Governmental Agencies looked all the scientific evidence and are pretty much unanimous around the world that BPA is safe for us as consumers. The simple example is a short Q & A sheet about BPA on US Food and Drug Administration website—It asks “is BPA safe?” and the answer is remarkable: they say completely in a US way “Yes.”. This answer is based on very extensive scientific research supporting the safety of BPA.
CCR: As food packaging is closely related to human health, what is the current status of polycarbonate use in food packages and containers, especially for baby bottle?
Steven: Polycarbonate is regulated and permitted for use in food contact materials around the world. It is usually used for repeated applications as polycarbonate is durable. In China, according to two National Standards—GB 4806.6 and GB 4806.7, seven kinds of polycarbonate resins as well as other five kinds of BPA-based resins are approved to be used in food contact material and articles. Similar to other authorized materials, there are requirements and limits for its food contact applications. For example, the special migration limit (SML) of BPA for polycarbonate is 0.6 mg/kg, while the actual migration is much lower than the SML.
As for baby bottle, polycarbonate was permitted to be used in baby bottles before but polycarbonate baby bottle can’t be found on the market anymore either in US, EU or China, even though it is safe. Around 2008, BPA was very controversial and drew high attention from the public. So the US manufacturers of baby bottles decided to switch to other materials just because they did not want to deal with the controversy. In EU and China, the regulators decided to settle the issue similar to FDA by prohibiting polycarbonate baby bottles in terms of precautionary reasons rather than safety just because BPA was controversial and there was uncertainty.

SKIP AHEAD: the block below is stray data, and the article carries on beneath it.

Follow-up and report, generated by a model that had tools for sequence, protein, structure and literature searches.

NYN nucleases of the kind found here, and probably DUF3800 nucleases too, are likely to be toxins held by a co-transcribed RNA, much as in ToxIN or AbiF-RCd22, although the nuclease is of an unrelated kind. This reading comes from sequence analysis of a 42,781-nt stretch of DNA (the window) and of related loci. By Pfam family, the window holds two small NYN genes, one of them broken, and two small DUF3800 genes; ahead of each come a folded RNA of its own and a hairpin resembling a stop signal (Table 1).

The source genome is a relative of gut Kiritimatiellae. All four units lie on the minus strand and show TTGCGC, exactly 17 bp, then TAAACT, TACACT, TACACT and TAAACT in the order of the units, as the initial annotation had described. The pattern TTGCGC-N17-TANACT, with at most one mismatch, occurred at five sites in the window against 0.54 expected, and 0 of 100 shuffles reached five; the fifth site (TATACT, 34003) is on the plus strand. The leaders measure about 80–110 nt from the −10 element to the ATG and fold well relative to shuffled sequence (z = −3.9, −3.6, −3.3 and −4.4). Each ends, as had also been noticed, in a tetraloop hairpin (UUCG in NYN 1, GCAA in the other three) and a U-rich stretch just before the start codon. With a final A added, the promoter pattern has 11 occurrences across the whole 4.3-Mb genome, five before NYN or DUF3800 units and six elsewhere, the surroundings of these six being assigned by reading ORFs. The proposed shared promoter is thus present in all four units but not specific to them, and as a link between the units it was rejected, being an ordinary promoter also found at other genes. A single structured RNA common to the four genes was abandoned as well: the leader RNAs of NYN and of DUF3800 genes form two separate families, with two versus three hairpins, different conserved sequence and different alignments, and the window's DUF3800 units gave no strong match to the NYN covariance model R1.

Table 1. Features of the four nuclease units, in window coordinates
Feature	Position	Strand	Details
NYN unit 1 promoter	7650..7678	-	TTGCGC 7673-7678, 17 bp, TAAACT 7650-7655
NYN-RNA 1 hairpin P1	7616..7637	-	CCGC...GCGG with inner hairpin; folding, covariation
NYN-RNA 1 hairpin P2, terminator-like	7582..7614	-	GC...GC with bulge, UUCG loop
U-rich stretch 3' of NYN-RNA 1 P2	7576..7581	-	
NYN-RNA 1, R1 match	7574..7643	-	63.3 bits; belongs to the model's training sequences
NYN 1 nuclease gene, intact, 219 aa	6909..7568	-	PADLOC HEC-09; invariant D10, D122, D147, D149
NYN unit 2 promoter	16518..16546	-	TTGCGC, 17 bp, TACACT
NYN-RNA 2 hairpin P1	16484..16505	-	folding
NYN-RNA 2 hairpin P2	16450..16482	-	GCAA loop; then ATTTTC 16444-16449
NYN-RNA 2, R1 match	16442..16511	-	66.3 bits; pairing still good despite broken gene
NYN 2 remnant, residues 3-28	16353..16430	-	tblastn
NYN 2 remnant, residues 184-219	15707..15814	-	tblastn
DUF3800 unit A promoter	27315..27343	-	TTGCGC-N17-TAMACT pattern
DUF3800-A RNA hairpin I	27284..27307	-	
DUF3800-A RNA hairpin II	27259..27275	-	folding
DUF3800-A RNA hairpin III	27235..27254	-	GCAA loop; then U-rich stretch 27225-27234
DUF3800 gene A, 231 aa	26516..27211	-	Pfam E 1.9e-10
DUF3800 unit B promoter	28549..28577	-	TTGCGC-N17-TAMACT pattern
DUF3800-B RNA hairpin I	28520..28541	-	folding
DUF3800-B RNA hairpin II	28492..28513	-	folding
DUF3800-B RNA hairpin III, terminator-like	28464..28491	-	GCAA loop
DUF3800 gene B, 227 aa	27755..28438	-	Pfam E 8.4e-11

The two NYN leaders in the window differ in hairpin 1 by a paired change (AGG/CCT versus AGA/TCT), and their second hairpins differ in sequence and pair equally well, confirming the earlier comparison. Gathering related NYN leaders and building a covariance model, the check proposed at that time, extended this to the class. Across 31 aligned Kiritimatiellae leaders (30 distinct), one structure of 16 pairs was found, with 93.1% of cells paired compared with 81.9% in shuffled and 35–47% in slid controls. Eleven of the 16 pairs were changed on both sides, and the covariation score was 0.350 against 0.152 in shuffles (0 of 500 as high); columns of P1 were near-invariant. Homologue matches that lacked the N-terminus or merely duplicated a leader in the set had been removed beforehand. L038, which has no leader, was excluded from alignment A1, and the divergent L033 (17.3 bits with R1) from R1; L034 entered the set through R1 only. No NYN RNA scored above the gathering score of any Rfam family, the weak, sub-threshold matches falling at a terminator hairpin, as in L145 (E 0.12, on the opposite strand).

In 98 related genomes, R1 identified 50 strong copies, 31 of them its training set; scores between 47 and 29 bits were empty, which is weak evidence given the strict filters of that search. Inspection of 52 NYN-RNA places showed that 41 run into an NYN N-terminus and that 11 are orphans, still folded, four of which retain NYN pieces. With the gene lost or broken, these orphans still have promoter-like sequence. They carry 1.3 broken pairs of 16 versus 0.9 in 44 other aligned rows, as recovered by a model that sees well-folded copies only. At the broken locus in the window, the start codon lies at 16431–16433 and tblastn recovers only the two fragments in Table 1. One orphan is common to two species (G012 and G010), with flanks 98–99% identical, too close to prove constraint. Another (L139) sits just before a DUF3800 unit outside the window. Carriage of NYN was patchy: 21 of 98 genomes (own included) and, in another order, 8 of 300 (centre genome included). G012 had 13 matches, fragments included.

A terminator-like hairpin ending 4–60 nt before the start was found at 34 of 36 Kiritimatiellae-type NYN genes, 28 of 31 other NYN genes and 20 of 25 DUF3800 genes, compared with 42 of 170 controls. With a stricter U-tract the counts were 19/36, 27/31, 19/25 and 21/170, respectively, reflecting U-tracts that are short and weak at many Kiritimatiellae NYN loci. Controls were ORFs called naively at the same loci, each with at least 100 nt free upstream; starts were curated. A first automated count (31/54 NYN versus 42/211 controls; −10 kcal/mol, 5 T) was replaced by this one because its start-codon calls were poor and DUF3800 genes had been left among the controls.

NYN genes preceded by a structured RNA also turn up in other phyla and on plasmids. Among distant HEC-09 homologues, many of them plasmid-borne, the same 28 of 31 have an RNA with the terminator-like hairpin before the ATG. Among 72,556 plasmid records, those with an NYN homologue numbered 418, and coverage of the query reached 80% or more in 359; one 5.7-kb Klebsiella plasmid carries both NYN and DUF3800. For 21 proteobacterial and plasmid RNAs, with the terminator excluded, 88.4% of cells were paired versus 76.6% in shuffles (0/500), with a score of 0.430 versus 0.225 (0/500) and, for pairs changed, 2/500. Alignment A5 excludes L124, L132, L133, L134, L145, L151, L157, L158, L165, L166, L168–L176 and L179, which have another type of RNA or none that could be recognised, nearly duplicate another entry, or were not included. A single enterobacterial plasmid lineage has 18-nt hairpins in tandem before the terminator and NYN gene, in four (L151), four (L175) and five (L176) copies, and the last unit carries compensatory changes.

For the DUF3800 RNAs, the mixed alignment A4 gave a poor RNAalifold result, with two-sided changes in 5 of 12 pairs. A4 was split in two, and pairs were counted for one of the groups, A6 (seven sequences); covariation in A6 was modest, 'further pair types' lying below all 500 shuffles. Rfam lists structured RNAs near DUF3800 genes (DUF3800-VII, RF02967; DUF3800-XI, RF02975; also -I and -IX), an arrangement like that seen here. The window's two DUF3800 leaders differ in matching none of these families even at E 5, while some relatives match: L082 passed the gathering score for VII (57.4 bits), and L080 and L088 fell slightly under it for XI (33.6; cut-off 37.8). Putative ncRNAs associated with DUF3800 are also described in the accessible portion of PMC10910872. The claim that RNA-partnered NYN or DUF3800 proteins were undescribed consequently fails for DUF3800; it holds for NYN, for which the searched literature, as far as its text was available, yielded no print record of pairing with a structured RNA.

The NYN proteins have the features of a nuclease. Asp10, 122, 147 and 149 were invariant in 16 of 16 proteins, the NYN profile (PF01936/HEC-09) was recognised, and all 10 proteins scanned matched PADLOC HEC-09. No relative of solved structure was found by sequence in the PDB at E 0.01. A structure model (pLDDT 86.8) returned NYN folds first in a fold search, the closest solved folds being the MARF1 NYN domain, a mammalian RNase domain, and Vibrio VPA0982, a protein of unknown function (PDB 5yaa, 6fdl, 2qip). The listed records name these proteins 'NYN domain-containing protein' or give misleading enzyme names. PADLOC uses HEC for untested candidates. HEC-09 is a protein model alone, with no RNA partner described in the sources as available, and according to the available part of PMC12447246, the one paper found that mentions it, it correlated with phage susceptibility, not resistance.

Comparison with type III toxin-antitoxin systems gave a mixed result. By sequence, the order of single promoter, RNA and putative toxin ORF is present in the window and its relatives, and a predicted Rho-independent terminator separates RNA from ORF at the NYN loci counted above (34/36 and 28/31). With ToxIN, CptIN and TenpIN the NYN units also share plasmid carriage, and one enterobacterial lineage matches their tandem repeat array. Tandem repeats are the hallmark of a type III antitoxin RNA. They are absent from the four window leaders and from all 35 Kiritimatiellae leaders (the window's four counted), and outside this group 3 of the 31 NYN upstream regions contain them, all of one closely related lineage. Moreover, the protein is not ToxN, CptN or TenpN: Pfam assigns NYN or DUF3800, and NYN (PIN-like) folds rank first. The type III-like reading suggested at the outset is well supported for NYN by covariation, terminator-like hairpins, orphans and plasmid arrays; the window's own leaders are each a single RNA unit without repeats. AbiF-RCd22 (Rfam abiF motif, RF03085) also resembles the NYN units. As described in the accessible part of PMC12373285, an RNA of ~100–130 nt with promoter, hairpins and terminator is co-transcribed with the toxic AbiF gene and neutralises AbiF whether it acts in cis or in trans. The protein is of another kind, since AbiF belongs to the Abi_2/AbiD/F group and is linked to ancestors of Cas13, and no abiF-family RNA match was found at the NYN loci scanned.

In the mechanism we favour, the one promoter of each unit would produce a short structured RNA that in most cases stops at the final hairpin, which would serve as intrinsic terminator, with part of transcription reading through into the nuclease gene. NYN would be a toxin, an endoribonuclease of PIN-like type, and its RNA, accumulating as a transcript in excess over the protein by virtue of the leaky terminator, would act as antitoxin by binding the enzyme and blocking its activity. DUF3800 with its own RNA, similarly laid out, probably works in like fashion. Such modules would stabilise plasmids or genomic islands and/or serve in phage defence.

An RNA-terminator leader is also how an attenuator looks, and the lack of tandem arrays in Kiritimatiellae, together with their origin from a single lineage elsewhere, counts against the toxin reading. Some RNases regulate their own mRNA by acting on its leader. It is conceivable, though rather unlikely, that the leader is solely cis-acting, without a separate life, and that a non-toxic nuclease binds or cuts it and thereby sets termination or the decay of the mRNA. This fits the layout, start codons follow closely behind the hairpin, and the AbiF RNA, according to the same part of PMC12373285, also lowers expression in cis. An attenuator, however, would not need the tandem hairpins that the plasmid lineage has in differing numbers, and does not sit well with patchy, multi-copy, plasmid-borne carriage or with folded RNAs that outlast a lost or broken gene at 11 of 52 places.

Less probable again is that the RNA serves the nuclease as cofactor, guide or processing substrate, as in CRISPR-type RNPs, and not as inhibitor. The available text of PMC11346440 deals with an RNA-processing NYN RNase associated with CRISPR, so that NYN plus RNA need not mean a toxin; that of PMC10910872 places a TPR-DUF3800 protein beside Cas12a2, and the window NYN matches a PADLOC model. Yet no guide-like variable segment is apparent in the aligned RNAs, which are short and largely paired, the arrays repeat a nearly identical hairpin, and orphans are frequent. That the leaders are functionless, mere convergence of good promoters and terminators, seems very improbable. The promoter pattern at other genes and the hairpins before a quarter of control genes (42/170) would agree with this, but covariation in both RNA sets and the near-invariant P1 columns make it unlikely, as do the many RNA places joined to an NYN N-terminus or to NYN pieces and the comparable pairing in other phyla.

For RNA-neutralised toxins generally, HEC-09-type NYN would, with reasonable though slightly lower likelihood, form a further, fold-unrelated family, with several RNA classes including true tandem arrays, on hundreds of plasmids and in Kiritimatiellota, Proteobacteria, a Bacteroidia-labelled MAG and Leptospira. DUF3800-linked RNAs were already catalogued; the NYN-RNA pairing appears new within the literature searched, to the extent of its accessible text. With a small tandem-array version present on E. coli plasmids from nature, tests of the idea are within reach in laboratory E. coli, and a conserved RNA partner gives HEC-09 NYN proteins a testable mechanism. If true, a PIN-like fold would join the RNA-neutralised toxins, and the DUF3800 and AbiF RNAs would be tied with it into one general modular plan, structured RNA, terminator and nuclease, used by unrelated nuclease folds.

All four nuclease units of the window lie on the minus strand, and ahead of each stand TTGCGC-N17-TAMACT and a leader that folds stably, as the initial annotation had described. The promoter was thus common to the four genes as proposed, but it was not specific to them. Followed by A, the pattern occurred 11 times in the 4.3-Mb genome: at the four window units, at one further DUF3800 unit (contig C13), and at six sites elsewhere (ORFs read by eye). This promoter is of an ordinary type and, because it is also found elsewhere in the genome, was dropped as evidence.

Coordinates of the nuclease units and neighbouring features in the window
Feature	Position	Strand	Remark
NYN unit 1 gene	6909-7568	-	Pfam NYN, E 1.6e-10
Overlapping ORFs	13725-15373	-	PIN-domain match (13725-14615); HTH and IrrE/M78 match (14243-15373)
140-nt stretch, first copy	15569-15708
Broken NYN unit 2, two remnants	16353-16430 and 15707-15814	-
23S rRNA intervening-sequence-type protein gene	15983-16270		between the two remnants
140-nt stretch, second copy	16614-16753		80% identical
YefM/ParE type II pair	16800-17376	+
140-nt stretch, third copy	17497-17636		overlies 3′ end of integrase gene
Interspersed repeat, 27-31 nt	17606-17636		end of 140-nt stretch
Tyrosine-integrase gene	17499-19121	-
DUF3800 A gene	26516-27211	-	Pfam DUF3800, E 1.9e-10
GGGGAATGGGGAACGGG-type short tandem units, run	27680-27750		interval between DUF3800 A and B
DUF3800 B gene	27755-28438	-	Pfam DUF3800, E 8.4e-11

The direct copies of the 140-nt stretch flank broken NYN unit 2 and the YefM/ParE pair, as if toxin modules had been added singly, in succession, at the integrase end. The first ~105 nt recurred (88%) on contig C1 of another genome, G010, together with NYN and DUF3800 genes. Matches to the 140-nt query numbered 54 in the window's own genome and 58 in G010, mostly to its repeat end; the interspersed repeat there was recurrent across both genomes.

In addition, polycarbonate-based food containers can be microwaved, which will not deform due to the heat resistance property of polycarbonate.
CCR: What is your opinion about “BPA-free” labels on consumer products?
Steven: The “BPA-free” label on the product is kind of misleading. If I consider to buy a product, what I want to know is about what the product is made out of and whether it is safe. However, the “free-of” label can only tell us what the product is not made out of and thus misleads consumers to think that products with “free-of” labels are safer than those without such labels. Furthermore, from the regulatory views around the world, BPA is safe to consumers, so it doesn’t make any sense to indicate a product not containing a certain substance that has been proved to be safe.
CCR: What do you think about alternative materials for BPA or polycarbonate?
Steven: It is normal competition in the market place, but we all know that the attributes and safety are really two important things for materials we choose. As for polycarbonate, the combination of its attributes, such as clear, lightweight and highly shatter-resistant, makes it almost unique and thus not easy to be replaced. So it would not make sense to replace polycarbonate if the alternative does not perform that well.